Humanity finds itself at a crucial moment. It’s not only war and climate change that threaten life on our planet. Ideologies and some people do too.
We know that money and the production of wealth and well-being have created an ever greater and more profound gap between people, neighborhoods, cities and countries—a gap that has been exacerbated by the pandemic.
So, I’d like us (my fellow Bolivians and Indigenous peoples) to stop thinking of ourselves as the poor periphery of a process of globalization that has been unequal, colonial and racist.
In Bolivia, since the beginning of this century, we have battled some of the most important and decisive questions for the future of the human race: water, our sacred coca leaf, the goods we have which we can share thanks to the generosity of the Pachamama and, of course, the right to make decisions collectively about our lives.
Each battle, each sacrifice made, from places like El Alto and Cochabamba, has repeatedly confronted us with the owners of power and money.
At the core of each one of our struggles is our overriding need to stay alive, to finally construct a world fit for all of us to live with dignity.
Not tomorrow, today. Bolivia is the center of the world, as is North Dakota or Chiapas, or the poor neighborhoods of Caracas.
Yes, we are poor and far from the powerful centers of economic and political decision-making. But at the same time, we live in the center of the most important battles—battles fought from our smallest trenches, communities, neighborhoods, cities, jungles and forests.
What I’m describing to you isn’t merely a simple change in discourse. We want to think about ourselves differently, because if we do that at the core of the true struggle for survival, we can look at the world and at our sisters and our brothers with new eyes. If we are condemned to be at the margins, we will not get far.
It is by constructing in this way, from the hundreds and thousands of centers in which life is defined, that we fight for what is most essential: water, food, shelter, education and dignity—perhaps from this we can construct a new horizon. Weaving together our needs, our achievements, and even our errors, it’s possible to dismantle centuries of colonialism, the brutal pillaging of our territories, and the forced subjugation of our people.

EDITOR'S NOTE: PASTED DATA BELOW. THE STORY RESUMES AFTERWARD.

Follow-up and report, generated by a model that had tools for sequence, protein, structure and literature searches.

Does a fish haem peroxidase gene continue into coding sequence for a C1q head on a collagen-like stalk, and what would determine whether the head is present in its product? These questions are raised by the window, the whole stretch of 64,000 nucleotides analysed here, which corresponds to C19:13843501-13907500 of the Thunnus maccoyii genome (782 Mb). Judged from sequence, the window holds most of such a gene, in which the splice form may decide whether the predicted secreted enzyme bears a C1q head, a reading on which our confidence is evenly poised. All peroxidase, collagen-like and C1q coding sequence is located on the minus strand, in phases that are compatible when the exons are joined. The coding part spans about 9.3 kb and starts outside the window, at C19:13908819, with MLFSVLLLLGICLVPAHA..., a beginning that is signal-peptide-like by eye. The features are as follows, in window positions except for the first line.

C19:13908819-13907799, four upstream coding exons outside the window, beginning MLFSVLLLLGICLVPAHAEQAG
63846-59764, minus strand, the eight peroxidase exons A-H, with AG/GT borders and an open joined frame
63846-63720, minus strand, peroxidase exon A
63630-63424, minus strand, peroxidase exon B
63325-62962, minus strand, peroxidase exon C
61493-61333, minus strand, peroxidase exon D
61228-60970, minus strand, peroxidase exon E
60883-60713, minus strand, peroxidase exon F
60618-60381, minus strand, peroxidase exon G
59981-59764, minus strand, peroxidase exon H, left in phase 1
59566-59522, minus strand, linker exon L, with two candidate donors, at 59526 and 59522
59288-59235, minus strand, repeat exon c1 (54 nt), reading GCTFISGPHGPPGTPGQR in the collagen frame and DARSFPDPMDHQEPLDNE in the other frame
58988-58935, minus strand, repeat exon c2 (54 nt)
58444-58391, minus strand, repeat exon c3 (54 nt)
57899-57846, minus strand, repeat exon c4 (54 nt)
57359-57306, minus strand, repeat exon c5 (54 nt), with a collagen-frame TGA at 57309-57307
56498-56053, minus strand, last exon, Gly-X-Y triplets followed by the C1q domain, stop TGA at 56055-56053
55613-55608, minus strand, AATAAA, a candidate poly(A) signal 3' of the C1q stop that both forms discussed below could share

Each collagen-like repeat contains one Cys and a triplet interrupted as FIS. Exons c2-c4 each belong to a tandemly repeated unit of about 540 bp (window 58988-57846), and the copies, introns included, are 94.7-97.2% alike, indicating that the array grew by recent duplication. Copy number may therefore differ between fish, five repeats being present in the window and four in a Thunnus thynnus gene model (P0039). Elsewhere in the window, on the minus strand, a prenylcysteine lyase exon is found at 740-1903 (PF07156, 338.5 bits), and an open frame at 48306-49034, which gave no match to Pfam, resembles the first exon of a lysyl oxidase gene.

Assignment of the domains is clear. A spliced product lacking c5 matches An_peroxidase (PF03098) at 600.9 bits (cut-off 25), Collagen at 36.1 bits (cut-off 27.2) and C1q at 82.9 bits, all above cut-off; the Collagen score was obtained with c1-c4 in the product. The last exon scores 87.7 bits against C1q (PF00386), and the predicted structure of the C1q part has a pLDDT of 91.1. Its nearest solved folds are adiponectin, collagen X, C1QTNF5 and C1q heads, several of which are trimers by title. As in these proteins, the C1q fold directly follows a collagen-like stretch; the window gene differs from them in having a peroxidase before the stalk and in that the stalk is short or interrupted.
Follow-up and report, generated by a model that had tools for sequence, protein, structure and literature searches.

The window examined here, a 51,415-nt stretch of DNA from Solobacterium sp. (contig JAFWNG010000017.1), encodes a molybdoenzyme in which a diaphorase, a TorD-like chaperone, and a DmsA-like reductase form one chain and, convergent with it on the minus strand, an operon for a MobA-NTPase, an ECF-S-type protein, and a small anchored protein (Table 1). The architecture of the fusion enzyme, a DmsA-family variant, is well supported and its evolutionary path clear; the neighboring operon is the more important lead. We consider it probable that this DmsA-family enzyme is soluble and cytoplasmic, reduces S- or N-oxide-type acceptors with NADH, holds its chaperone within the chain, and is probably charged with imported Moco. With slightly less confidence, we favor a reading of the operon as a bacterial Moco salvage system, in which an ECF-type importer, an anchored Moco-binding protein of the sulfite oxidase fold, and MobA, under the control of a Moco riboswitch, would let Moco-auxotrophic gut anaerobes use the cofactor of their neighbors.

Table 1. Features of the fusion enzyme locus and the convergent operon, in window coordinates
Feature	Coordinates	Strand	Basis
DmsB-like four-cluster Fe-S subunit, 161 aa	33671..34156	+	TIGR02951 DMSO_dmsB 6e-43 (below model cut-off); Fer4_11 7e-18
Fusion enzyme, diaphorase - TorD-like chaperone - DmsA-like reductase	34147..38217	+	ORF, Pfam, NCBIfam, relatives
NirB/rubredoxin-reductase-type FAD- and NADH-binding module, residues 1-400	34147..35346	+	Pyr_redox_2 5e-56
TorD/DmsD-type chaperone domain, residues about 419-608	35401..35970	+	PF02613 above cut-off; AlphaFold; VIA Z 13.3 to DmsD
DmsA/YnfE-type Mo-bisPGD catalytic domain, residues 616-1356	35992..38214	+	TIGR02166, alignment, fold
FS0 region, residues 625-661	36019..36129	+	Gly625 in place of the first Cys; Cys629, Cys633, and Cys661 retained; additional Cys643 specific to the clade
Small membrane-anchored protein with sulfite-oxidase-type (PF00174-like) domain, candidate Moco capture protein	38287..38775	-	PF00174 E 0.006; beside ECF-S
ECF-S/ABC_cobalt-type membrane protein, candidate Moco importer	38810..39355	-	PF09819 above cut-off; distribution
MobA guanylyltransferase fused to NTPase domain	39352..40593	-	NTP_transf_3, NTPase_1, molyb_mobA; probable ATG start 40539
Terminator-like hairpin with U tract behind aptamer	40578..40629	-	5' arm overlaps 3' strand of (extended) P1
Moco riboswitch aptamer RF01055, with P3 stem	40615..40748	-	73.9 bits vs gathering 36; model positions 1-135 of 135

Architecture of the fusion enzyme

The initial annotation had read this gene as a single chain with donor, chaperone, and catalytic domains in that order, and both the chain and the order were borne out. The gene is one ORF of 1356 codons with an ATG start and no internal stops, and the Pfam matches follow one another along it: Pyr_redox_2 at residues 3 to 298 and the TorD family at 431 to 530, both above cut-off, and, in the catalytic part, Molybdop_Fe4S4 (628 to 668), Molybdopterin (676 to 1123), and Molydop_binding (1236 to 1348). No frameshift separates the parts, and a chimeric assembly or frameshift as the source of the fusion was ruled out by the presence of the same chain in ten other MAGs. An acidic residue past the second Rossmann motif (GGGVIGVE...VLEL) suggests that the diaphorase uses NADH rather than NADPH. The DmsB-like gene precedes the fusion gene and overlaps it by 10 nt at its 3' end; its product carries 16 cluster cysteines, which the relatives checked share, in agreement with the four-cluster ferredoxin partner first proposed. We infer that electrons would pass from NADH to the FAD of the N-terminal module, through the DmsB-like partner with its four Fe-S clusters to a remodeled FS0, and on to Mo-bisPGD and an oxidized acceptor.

In Bolivia, we have had to draw on our millennia-old Aymara and Quechua traditions and knowledge, for example, peoples who define much of what this country is. But it’s not only Indigenous peoples who have fought against imperialism, nor is it the obligation of one people to be the vanguard or the moral reserve for the human race.
We are what we are. We know, among ourselves, what our grandparents passed down to us. For that reason, from our lived experience, I invite you to begin this journey, firstly by reestablishing what is important so that we can begin to view ourselves like the people in the streets of Cochabamba were viewed after the Water Wars, knowing that it is possible and that there is another life waiting beyond the barricades, beyond the strikes and the roadblocks, and that is our common heritage.
This also happened to us in October 2003, when El Alto (near the capital city of La Paz) was converted, for a few moments, into the center of the world. With sticks and with stones, with their will, the Aymara rejected the selling off of our riches—a death prescribed by a corrupt and foolish president.
There, in this burning epicenter, everything that matters was at stake. The centers of power and global decision-making were our periphery. Without a doubt, I do not think we are the periphery. This mini-census is not intended to be paralyzing. Quite the opposite.
As a Bolivian, as an Aymara, as someone who has lived within one of the most decisive battles to change everything, I know that we can’t ignore the daily catastrophe we saw in Sri Lanka, in the boats filled with refugees in the Mediterranean, in that wall that separates North America from the rest of the Americas, in the Aboriginal territories of Australia, or in the famine experienced by the girls and boys in La Guajira in Colombia.
To be able to view the immensity of our horizon, to be able to daydream when we look upon the Andean Altiplano and its peaks, perhaps we should give ourselves a different perspective, a new center.
In Bolivia, like in so many other places, what’s at stake is not a set of goods or a piece of land, not even a government. We have fought to defend life itself, to nourish it, and to watch it grow with dignity. We do not know of anything more important to do in these difficult times.
We are the center of the world.
Adapted from Rogelio Mayta’s speech to the Progressive International’s Summit at the End of the World on May 12, 2022.
Rogelio Mayta is the foreign minister for the Plurinational State of Bolivia.
This article was produced by Globetrotter.